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Fires from drive shafts gains focus of regulator

mobile plant drive shaft fire from driveshaft failure

A range of mobile plant and equipment fires stemming from universal joints and drive shafts has drawn the attention of a mining safety regulator.

The NSW Resources Regulator has issued a safety bulletin highlighting the requirement for mines, maintenance organisations and manufacturers to revaluate safety systems that mitigate potential effects from incidents involving drive shafts.

The Regulator has highlighted several failure incidents that resulted in fires on mobile plant. It said that although no one was injured in the incidents, differing circumstances could have resulted in serious injuries or fatalities.

The regulator highlighted that catastrophic failure of drive shafts has resulted in damage to adjacent hydraulic system components that became fuel sources for fires.

universal joint failure resulted in a plant fire
Failed universal joint on LHD


In one incident highlighted by the Regulator, a shield hauler was driving in an underground coal mine, when a bearing failed on the universal joint connecting the drive shaft from the engine to the torque converter, at the torque converter end.

The drive shaft was not restrained by safety loops. Before the engine could be shut down, the drive shaft spinning at engine speed contacted components, hydraulic and pneumatic lines, which resulted in a spray of hydraulic fluid and compressed air that ignited.

The operator manually activated the fire suppression system that extinguished the main fire. The operator also had to use a hand-held fire extinguisher to snuff a fire in the sound suppression material, which was on the underside of a transmission area access cover knocked open by the drive shaft.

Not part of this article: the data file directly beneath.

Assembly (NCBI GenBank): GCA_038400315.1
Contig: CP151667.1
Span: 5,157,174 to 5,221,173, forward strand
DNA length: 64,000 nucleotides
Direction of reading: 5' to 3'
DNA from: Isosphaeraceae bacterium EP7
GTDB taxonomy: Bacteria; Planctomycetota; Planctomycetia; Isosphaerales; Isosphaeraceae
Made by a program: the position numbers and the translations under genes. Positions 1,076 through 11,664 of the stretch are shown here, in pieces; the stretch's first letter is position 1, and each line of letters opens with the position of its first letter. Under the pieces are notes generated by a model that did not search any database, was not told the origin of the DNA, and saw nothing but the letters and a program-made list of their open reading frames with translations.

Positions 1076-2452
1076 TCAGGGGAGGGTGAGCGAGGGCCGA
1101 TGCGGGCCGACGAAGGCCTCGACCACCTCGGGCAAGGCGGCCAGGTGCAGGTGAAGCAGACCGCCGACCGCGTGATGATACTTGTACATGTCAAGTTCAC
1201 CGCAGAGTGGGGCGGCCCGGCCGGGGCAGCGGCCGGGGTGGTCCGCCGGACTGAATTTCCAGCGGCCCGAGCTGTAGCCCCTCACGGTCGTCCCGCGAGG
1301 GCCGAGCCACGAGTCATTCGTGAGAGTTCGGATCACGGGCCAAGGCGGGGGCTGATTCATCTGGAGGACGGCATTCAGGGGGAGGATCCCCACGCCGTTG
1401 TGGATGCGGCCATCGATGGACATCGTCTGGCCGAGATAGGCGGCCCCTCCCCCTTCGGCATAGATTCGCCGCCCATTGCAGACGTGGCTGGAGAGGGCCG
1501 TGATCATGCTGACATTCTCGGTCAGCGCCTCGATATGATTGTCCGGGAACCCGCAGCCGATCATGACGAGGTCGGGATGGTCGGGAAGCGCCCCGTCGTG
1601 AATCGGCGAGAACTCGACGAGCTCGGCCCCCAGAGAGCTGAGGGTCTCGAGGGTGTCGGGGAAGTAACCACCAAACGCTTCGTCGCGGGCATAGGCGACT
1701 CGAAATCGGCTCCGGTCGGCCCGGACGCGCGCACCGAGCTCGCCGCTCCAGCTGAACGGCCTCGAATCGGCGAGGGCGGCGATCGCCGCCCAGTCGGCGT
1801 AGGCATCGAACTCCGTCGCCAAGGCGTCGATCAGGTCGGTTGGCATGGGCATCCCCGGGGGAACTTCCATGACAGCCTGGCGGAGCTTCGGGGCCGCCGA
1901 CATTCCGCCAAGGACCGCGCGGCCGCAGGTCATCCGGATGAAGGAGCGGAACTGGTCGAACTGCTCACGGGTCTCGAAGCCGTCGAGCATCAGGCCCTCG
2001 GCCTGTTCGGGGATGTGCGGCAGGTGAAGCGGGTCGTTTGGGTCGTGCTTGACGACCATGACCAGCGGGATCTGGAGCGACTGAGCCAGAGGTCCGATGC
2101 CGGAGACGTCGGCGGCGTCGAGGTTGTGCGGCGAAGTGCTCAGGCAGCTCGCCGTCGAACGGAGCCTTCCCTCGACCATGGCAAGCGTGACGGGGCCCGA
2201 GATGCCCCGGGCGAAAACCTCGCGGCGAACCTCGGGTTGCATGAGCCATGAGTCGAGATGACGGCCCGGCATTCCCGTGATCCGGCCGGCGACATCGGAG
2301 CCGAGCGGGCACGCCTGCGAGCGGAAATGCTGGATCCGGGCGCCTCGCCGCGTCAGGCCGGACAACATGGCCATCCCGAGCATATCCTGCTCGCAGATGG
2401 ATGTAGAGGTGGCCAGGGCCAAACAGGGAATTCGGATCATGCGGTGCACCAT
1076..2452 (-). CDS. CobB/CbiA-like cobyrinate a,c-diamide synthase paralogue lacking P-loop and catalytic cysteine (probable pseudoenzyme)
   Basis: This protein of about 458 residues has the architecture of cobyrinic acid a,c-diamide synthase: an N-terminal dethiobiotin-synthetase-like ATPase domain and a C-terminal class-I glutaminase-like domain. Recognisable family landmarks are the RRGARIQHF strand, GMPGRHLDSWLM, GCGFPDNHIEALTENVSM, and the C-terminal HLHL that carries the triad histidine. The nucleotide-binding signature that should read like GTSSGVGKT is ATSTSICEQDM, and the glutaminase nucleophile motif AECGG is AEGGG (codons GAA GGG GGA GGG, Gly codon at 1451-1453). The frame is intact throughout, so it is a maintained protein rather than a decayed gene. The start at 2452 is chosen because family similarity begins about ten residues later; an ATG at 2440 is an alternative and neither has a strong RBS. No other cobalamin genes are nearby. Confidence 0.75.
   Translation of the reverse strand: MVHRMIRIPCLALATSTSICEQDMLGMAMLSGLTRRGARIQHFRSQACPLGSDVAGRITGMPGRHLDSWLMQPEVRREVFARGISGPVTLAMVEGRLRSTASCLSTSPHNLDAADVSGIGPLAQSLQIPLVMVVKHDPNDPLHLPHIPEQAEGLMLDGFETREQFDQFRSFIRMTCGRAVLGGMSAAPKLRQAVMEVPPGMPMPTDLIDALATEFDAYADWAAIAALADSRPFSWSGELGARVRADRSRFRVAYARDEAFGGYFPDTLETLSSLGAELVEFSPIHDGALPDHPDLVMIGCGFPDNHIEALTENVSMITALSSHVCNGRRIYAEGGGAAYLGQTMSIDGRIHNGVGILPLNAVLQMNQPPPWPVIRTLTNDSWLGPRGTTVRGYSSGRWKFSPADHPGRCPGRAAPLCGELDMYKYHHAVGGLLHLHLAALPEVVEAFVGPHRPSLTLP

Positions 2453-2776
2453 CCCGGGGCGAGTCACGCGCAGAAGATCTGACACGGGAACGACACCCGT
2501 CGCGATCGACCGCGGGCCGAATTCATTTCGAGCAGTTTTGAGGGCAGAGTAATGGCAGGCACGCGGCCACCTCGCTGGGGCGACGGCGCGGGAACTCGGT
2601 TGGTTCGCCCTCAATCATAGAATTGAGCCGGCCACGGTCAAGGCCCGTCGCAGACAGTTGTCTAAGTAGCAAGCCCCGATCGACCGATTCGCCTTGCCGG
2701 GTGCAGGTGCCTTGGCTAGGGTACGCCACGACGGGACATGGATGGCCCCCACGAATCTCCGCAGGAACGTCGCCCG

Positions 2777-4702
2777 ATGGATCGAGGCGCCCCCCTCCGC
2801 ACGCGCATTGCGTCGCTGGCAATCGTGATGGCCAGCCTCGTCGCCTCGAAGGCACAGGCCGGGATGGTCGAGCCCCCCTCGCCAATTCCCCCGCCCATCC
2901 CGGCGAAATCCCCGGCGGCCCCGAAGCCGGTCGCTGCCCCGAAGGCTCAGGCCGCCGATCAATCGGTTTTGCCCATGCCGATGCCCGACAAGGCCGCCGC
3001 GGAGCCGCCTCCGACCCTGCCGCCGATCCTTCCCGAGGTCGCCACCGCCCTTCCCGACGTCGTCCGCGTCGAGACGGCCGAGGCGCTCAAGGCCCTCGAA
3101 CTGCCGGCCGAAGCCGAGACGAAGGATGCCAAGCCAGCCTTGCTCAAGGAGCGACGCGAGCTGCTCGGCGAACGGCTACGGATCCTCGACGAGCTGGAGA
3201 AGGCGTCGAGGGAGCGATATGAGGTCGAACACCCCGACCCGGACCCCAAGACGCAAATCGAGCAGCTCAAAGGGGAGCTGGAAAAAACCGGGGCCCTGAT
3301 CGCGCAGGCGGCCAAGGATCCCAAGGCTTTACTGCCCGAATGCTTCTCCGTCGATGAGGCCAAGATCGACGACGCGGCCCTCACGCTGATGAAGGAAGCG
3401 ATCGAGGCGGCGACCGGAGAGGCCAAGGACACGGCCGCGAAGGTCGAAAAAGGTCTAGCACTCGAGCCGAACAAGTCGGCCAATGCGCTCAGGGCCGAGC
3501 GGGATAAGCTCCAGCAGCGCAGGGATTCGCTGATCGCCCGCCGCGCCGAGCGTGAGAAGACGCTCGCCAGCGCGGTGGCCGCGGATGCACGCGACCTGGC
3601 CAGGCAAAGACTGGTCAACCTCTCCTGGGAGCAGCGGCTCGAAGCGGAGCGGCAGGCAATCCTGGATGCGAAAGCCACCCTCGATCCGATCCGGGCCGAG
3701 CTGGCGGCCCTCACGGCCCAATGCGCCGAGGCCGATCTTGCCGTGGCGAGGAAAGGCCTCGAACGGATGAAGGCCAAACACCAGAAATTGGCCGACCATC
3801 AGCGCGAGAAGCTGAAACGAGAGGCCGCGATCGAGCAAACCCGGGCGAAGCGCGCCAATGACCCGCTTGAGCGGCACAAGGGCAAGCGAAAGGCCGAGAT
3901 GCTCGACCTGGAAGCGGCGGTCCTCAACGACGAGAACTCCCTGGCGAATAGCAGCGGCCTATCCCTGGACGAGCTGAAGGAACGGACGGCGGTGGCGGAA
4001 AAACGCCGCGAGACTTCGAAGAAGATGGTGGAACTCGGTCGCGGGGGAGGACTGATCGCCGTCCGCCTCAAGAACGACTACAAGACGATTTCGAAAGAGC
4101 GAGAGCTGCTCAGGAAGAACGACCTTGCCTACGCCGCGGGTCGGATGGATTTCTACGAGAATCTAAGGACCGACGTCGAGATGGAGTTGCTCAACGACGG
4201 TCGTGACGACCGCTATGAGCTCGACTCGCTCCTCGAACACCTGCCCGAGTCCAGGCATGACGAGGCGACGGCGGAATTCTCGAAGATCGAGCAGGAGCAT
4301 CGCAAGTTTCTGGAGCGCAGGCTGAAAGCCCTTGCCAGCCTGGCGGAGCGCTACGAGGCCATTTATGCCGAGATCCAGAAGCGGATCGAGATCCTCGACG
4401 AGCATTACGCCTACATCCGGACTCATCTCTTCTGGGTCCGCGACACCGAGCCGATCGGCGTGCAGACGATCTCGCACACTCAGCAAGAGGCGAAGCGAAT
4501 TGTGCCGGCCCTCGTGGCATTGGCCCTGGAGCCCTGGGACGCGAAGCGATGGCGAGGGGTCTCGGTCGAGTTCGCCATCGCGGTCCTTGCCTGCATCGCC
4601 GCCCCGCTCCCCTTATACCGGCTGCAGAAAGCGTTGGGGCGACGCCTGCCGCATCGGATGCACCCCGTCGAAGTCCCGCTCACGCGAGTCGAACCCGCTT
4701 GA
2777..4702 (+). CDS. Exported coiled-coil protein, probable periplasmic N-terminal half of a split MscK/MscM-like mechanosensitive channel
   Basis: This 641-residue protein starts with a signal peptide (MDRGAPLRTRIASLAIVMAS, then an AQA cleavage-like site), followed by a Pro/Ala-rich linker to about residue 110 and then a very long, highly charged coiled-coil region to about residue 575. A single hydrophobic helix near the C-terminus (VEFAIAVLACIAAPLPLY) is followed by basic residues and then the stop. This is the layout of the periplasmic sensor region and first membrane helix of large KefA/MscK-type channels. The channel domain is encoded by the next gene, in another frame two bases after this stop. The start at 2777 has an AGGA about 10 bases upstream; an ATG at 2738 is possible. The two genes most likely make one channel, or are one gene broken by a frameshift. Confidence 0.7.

Fire prevention in mobile plant

A range of strategies are available to prevent driveshaft fires in mobile plant. Those strategies include:

  • effective design by OEM;
  • ensuring preventative maintenance schedules are conducted effectively and that during maintenance operations surfaces remain clean and free from the build-up of oils and grease;
  • isolation of potential fuel sources from potential drive shaft failure points;
  • ensuring fire suppression systems are installed and operating.

Back in September last year, a haul truck driver died following extensive burns while exiting a mining truck at a Peabody operation in the US.

Recently AMSJ reported an agitator truck was extensively damaged by fire following ignition of non-metallic/flame resistant engine covers. AMSJ have published reports on the value of Infrared Thermography and recent information on Infrared cameras in assisting to identify potential fire ignition points.

Images: NSW Resources Regulator

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AMSJ April 2022